The Padres were a near unanimous choice to finish at the bottom of the NL West, and they’ve been kind enough to oblige. It’s going to be a long season for San Diego, as the team appears poised to lose 95+ games. The Friars have a -90 run differential, and have actually outperformed their 15-33 Pythagorean W-L record. Not surprisingly, Wil Myers leads the club in nearly every offensive category, but is also third in the NL with a whopping 55 strikeouts. Ryan Schimpf however, is taking baseball’s all or nothing trend to new heights, with a full 50% of his 22 hits leaving the ballpark. Prized rookie Manuel Margot has shown flashes of what has the Padres excited for his future, but went just 2-17 in the last week.

Wil Myers

For the Padres it’s Wil Myers and a whole bunch of, yikes.

San Diego has struggled on the mound as well, allowing the most runs in the National League. They have the second highest team ERA in the league, and only the Phillies and Marlins (9) have gotten fewer wins from their starters. Clayton Richard has been a relative bright spot, ranking 6th in the NL in innings pitched, and Brad Hand has a 1.73 ERA in relief.

It won’t get any easier for the Padres next week, as they travel to Washington for a three game set with the NL East leading Nats, then return home to play the defending champion Cubs for three.




Nunez stabilizing left field, but could that be a problem?

Don’t look now, but Eduardo Nunez is heating up. The sometimes maligned, exiled third baseman turned left fielder is 7-20 with 2 HR and 4 RBI over his last 5 games, and is sitting at .300/.315/.471 with those two homers, six doubles, and 10 RBI overall in May. While many attribute the Giants improved play recently to the power surge from Buster Posey, in addition to the returns of Brandon Crawford and Denard Span to the line up, the increased production from Nunez cannot be overlooked.

The 2016 midseason acquisition ranks second on the team in hits, tied for second in RBI, tied for first in doubles, is third in runs scored and fourth in batting average. And while some may consider it the result of overaggressive “hacking” at the plate, his 8.8% K-rate is by far the lowest of his career. For a Giants team that brings very little overall speed to the table, it’s better to see the club’s biggest (only?) base stealing threat put the ball in play at a high rate.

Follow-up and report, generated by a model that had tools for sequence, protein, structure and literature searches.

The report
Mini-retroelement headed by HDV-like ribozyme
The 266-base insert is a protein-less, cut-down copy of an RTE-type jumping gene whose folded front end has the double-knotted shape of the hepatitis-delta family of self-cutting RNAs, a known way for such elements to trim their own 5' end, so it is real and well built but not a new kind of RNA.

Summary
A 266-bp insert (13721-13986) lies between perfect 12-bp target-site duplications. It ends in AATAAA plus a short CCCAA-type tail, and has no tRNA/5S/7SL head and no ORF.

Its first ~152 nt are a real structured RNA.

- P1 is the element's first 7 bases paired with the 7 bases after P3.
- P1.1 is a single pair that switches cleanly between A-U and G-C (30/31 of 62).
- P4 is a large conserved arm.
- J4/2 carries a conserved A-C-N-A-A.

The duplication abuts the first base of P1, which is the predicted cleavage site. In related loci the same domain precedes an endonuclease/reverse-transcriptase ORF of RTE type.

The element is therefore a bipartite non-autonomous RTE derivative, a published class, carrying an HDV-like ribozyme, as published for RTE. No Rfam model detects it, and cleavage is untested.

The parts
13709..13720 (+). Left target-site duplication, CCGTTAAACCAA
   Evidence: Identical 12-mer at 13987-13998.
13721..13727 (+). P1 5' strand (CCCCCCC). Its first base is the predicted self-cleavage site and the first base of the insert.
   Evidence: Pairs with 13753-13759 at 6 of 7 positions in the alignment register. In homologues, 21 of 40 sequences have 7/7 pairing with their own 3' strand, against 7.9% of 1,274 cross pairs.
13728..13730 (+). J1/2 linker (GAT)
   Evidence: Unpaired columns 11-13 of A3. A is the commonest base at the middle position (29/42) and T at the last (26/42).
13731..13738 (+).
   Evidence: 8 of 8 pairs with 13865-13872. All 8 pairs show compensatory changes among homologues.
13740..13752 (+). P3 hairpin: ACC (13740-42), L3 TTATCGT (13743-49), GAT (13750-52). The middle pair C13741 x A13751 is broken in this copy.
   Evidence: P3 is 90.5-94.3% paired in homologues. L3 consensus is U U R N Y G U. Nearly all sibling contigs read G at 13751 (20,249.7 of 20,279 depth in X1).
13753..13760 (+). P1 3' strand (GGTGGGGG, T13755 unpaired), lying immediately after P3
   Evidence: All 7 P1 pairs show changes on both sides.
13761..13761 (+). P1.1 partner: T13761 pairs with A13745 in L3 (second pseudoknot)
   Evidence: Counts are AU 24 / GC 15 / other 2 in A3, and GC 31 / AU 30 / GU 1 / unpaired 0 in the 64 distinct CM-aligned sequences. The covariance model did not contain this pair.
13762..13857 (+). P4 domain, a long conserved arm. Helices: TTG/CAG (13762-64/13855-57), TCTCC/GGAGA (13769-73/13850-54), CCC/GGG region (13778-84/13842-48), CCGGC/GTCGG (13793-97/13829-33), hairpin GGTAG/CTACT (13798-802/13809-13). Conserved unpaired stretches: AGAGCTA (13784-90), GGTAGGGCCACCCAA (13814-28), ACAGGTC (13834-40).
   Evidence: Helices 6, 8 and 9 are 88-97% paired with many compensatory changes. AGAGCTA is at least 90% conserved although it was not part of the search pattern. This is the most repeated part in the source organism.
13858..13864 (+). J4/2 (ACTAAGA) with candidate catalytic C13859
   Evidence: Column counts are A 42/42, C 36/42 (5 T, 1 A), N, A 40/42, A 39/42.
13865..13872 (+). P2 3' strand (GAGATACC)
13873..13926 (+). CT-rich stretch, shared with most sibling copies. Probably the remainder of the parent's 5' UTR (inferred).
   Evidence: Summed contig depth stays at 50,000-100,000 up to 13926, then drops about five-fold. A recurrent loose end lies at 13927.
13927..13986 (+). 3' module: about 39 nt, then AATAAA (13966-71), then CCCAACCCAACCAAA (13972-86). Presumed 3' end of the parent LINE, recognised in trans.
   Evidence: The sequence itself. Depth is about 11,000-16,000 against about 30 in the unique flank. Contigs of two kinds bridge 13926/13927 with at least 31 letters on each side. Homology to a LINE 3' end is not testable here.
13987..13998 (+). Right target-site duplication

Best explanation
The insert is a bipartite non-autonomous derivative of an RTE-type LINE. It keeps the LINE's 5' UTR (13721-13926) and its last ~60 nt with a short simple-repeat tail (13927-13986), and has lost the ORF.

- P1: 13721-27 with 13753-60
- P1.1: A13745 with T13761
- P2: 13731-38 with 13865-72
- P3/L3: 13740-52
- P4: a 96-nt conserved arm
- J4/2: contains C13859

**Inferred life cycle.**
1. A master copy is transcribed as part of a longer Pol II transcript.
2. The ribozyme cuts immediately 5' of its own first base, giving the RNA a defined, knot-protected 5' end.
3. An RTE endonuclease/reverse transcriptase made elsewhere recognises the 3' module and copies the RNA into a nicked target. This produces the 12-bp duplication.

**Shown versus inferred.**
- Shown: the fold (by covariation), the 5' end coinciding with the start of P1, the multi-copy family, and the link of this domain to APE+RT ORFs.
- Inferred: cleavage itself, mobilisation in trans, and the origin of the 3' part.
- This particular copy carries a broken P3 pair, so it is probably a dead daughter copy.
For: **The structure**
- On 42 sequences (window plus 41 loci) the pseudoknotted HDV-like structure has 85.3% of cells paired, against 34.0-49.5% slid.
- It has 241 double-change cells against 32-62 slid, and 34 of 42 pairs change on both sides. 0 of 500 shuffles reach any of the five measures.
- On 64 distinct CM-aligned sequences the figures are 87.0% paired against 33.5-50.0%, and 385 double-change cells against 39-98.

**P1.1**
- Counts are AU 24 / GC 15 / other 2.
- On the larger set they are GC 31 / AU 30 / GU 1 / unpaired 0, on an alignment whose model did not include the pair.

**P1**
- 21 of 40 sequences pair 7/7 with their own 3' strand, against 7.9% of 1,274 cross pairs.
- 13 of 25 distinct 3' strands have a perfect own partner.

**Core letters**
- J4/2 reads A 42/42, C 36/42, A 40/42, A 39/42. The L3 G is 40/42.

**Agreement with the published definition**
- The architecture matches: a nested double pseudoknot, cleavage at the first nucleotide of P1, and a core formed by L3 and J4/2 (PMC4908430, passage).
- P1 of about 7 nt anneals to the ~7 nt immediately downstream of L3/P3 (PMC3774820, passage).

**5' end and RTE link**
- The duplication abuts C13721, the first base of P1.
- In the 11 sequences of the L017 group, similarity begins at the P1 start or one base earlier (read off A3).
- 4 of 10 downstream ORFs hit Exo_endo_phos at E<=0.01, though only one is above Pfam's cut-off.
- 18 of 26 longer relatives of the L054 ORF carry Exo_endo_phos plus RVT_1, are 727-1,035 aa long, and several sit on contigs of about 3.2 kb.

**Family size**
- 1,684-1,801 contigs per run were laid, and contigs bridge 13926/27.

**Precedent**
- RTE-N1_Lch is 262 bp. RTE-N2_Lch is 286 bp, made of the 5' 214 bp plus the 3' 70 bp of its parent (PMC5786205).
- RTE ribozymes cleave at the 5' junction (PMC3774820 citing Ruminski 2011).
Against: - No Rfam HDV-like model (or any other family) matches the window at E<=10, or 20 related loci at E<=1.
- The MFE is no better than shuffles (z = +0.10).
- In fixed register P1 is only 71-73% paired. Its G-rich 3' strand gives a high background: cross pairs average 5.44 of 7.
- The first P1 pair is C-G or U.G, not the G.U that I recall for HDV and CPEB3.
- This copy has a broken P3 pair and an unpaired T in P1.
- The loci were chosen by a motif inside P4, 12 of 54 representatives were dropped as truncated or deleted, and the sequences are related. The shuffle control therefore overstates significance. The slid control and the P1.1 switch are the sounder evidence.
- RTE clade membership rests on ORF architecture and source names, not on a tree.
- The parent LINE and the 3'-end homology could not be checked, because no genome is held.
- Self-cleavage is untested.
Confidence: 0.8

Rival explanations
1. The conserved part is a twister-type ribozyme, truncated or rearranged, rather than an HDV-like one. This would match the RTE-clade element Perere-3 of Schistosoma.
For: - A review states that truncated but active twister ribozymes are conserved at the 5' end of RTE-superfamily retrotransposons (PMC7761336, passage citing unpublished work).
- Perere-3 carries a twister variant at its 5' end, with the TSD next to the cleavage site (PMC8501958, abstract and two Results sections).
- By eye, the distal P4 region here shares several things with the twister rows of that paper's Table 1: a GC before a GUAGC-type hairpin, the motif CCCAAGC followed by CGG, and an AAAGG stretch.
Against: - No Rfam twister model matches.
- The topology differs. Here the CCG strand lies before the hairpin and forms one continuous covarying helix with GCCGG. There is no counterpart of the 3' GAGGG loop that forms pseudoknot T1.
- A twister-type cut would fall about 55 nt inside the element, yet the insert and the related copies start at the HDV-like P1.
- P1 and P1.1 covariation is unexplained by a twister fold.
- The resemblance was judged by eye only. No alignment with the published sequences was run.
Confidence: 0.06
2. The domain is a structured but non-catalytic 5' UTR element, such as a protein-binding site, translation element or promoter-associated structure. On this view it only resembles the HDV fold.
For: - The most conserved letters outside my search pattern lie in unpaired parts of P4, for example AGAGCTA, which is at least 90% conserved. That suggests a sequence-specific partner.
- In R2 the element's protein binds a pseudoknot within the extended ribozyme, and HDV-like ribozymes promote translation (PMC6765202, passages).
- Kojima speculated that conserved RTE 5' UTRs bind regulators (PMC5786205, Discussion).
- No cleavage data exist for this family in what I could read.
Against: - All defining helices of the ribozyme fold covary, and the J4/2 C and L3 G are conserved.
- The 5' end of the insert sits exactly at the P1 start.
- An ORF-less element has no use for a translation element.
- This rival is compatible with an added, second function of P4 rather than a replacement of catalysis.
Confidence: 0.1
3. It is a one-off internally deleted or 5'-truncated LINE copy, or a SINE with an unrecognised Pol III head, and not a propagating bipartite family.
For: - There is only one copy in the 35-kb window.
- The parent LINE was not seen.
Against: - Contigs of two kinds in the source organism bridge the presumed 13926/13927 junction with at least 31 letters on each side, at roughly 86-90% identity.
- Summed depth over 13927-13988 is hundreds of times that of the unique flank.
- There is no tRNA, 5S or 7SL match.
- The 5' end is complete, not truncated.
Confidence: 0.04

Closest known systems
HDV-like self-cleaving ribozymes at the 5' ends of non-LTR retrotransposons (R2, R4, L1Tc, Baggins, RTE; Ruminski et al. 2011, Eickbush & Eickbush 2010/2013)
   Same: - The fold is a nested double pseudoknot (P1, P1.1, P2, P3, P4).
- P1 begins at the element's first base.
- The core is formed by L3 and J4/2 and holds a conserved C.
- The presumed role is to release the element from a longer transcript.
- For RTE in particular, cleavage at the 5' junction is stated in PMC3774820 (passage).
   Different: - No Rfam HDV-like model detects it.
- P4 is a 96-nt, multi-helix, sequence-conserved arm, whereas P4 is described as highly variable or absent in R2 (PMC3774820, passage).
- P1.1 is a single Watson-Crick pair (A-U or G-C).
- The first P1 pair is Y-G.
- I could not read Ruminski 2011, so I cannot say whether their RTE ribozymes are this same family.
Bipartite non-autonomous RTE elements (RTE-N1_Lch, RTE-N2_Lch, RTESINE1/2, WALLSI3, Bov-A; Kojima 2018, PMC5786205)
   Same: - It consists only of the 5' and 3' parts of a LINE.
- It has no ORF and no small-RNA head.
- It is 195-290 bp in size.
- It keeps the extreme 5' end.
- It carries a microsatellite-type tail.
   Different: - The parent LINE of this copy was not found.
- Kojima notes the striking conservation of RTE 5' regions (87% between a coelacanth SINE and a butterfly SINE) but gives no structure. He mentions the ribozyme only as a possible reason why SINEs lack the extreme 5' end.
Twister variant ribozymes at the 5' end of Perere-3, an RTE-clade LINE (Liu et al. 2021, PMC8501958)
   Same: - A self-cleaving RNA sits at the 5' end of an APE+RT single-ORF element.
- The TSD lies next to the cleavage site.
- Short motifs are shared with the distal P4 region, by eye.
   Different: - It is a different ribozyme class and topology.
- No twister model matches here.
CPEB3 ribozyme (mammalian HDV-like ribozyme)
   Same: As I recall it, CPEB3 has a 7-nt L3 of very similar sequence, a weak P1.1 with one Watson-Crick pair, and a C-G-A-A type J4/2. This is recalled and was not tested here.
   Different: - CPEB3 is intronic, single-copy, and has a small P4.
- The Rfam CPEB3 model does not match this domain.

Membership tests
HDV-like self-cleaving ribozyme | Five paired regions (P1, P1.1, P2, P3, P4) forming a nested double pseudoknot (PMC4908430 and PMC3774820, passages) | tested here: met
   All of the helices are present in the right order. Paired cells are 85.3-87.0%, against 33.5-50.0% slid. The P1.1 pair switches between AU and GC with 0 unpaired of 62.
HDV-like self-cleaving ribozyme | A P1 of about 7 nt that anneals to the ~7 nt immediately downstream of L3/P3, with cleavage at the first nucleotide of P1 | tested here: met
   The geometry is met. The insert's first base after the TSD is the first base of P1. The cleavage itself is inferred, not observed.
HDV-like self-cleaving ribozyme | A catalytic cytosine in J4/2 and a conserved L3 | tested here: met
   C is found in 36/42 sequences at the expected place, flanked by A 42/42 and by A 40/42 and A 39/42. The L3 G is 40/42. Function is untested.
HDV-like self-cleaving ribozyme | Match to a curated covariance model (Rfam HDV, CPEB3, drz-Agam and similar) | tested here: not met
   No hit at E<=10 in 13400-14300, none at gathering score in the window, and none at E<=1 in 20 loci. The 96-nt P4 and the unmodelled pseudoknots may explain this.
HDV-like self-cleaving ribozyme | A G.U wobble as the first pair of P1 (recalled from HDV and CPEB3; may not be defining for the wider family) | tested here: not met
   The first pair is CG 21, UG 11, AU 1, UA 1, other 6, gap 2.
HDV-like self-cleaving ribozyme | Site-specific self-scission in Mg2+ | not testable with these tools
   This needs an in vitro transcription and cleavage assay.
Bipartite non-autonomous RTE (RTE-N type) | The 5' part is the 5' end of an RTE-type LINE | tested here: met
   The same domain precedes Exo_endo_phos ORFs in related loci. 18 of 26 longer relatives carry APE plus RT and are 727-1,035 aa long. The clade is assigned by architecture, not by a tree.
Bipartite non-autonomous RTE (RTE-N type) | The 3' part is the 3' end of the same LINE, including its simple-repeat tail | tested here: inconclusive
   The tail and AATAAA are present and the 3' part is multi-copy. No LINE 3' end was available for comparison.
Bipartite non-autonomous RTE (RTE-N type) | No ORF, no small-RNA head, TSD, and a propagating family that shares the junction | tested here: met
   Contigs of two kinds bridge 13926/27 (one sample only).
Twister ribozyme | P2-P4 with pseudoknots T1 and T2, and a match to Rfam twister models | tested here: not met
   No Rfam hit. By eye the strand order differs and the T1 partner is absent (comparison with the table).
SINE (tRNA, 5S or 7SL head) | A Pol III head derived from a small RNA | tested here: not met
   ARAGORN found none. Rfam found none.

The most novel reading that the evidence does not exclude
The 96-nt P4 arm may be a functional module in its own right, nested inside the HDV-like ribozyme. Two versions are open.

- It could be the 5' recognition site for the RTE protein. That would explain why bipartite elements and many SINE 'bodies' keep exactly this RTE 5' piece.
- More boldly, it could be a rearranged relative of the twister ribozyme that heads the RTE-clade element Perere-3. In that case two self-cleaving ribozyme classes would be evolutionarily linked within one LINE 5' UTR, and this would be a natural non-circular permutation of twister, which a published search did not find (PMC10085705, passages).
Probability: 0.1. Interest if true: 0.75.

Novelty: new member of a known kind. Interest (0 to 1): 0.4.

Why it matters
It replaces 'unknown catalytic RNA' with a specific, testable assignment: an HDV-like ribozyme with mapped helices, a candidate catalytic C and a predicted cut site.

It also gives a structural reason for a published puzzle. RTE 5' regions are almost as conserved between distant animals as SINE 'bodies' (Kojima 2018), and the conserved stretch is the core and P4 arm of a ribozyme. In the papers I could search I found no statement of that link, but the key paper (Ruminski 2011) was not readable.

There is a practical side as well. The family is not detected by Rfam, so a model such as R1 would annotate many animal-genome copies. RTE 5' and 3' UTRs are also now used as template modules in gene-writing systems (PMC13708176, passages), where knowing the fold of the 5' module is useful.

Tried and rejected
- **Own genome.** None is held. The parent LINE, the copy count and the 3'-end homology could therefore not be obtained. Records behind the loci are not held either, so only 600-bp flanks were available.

Toss in the fact Nunez has made a few stellar grabs in left that have helped offset some of his early gaffes, and all of a sudden it appears that when Hunter Pence returns from the DL, San Francisco will have some semblance of a regular starting outfield. Nunez has already appeared in more games in left than any other Giant this season, and it looks like the club will allow Christian Arroyo to work through any struggles at the big league level.

So should we get used to the idea of Nunez as the starter moving forward as the team attempts to get back into the race? Or is he still merely an extended stop-gap solution?

Many Giants fans will be quick to shout that he could not possibly be a long-term fit in left field, and they could be right. After all, it took a series of unfortunate events and a black hole of production from the position to force the Giants to toss Nunez out there, figuring that at the very least they could keep his bat in the line up and deal with any defensive misadventures he may have.


Nunez has certainly made Giants fans nervous with his outfield play, but with consistent innings the club hopes he can put the team’s left field woes to rest for the time being. Photo courtesy of CSN Bay Area

But if Nunez continues to produce with the bat, improve in the field, and the club continues its upswing in the win column, does it become a “if it ain’t broke, don’t fix it” situation? Or does it simply give the Giants more leverage to move Nunez at the deadline in order to acquire a “true” left fielder or a bullpen piece?

Unfortunately the longer Nunez plays left field, the less value he may have in a trade. Could the Giants still shop him as a third baseman after he spends two months in left field? It’s unlikely any contender looking to fill a hole in the outfield would place Nunez high on their list of viable targets, so he becomes more of a utility knife, and not one that will command a huge return by himself. The Giants would still need to include a package of prospects around him, and may be hesitant to do so given the sparse pickings in their minor league system.

Looking around the league at potential contenders who may look to add at the deadline, the Red Sox are the only team that could have a hole at third base. With the future of Pablo Sandoval uncertain, Boston has seen little production from the position as they’ve shuffled through several players. Deven Marrero, brother of Chris Marrero, is the current starter and comes in to Monday with a .139/.184/.194 line. The Red Sox starting outfield (Benintendi, Bradley, Betts) is untouchable, but an experienced bullpen arm like Joe Kelly could be a potential target for Evans and Co.

Aside from Boston, San Francisco could have trouble finding a market for Nunez. If that’s the case, perhaps we will see the 29 year-old make the full transition to the outfield as the season progresses.